Note: Where available, the PDF/Word icon below is provided to view the complete and fully formatted document
 Download Current HansardDownload Current Hansard    View Or Save XMLView/Save XML

Previous Fragment    Next Fragment
Wednesday, 8 February 2012
Page: 303


Mr OAKESHOTT (Lyne) (15:52): Thank you, Mr Speaker, for your wisdom in choosing a very important and serious motion that reflects a disaster that is still unfolding in northern New South Wales and southern Queensland. I know from private conversations with members on both sides that not every member with an electorate that is affected will be able to speak. There is a lot of concern from local members about their local constituencies and there is concern generally for impacts in constituencies outside their own. I think that is appreciated by many.

On an administrative matter, we are nearly 30 minutes behind where we probably should be. It is disappointing that events on Australia Day have seen that time go. Again I pick up on the point that this is an important topic that the parliament should be debating at length this week. For anyone who is wondering, my view on Australia Day—and there are plenty of views out there—is that no-one comes away with clean hands with regard to events on Australia Day. Many Australians whom I have spoken with were both saddened and frustrated by the events and the coverage as it unfolded, and I am pleased now that proper processes of the House are being used to get issues of importance up. If that is a debate that others want to see happen in this chamber, there are proper processes to use, and I encourage them to do so in a sensible way.

This is a disaster that is still unfolding. There are thousands of Australians who are outside their homes and evacuations are in place in many locations in northern New South Wales and southern Queensland. We have hundreds of thousands of dollars in question with regard to the damages bill, both public and private, that will have to be assessed and paid for somehow over the coming days and weeks.

The other point that I want to get some reflection on from the chamber is not just the impact of this flood but the cumulative impact of this flood on the back of the flood last year. In some locations in Australia—I think the member for Maranoa will be making this point if he speaks—this is a flood on the back of a flood on the back of a flood. We have been having a rolling natural disaster over the past three years in northern New South Wales and southern Queensland, and it is that cumulative impact that the natural disaster relief payment schemes and policies will not and do not reflect and manage as we try to struggle our way through as communities dealing with these natural disasters in the best way possible.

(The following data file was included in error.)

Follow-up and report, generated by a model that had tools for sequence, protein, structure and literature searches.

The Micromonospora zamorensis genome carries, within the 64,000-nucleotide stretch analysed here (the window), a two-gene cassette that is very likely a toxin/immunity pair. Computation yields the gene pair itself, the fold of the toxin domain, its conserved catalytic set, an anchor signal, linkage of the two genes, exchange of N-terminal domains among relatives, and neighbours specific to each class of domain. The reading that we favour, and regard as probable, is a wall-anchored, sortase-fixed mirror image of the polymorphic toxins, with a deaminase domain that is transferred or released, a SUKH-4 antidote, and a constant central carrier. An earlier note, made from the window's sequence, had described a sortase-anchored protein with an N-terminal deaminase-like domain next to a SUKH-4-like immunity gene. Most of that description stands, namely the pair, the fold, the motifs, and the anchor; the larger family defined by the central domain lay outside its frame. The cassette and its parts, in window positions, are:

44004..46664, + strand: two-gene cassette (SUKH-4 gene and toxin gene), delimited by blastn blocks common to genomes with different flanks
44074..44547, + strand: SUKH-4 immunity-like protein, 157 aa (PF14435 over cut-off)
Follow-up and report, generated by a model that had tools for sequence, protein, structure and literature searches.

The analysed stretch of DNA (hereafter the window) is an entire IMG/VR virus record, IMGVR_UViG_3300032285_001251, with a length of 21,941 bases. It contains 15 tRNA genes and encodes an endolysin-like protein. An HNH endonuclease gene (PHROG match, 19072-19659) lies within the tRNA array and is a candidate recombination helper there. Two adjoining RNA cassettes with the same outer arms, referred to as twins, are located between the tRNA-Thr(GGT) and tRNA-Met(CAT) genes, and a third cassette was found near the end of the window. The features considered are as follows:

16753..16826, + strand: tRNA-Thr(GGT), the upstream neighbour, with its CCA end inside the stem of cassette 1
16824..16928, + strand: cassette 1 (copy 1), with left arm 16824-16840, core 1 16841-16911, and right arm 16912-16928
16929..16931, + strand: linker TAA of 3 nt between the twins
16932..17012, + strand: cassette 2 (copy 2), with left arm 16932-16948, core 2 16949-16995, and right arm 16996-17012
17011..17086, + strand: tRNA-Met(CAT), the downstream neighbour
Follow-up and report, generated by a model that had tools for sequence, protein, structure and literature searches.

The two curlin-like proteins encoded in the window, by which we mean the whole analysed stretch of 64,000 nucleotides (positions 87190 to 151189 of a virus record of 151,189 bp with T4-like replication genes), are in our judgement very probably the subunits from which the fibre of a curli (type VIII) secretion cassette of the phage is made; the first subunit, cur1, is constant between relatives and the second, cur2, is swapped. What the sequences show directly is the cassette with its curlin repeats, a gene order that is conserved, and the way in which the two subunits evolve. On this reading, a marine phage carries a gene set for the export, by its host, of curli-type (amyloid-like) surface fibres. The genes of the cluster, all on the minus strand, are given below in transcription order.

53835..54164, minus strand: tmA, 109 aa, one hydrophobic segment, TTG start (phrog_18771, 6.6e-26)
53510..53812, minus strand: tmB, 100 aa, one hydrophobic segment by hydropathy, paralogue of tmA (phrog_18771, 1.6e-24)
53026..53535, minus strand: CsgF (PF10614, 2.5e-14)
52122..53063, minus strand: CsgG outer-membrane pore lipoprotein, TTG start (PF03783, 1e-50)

This is an opportunity for a local member to put on record a few thanks before getting into some policy issues. From my perspective, I would very much like to thank the volunteer network of the mid-North Coast of New South Wales, who have once again kicked in and worked extraordinary hours for no gain over the last month. The SES is the most obvious organisation, but many people who have helped neighbours and friends are not part of any organisation. Thank you to all of those who helped someone other than themselves and also to those who are paid to do the job—the police, the ambos and the many services that went over and above during the past month. Thank you once again for the work that has been done. It is a rare comment these days in this place, but thank you to many of the media outlets, in particular the ABC on the mid-North Coast, who pretty well ran a 24/7 service which was very important for many people in getting up-to-date information, including evacuation orders, at various times.

There is still assessment going on in my region, and that is adding up to quite a substantial bill. That is the lead-in to the broader point that makes this an important matter of public importance discussion. In the Manning alone, there are probably still around 20 bridges out and unusable until damage assessments are done, and that will more than likely take a long time. A bridge is the point of engagement for many people who are living up valleys and off the coast. If they cannot get in and out, then their business is affected, their family is affected and basic things are affected, like getting kids to school. Yet more than likely it is going to be not weeks but months before many people will be able to get access to things that we all take for granted in modern Australia. That is just from this flood alone—really over the last week and a half. But this comes on the back of the natural disaster of last year that still has not been dealt with.

Whilst I certainly welcome new national disaster declarations by the New South Wales Premier today, and I think there are three of them—and it is all bipartisan and very welcome when they are made—the long period of time that it takes for money to come on the back of those declarations, for assessments to be done and for communities to just get back to where they were rather than getting anything extra is way too long. Also, the actual amount of money does not now meet the actual bill that is coming in.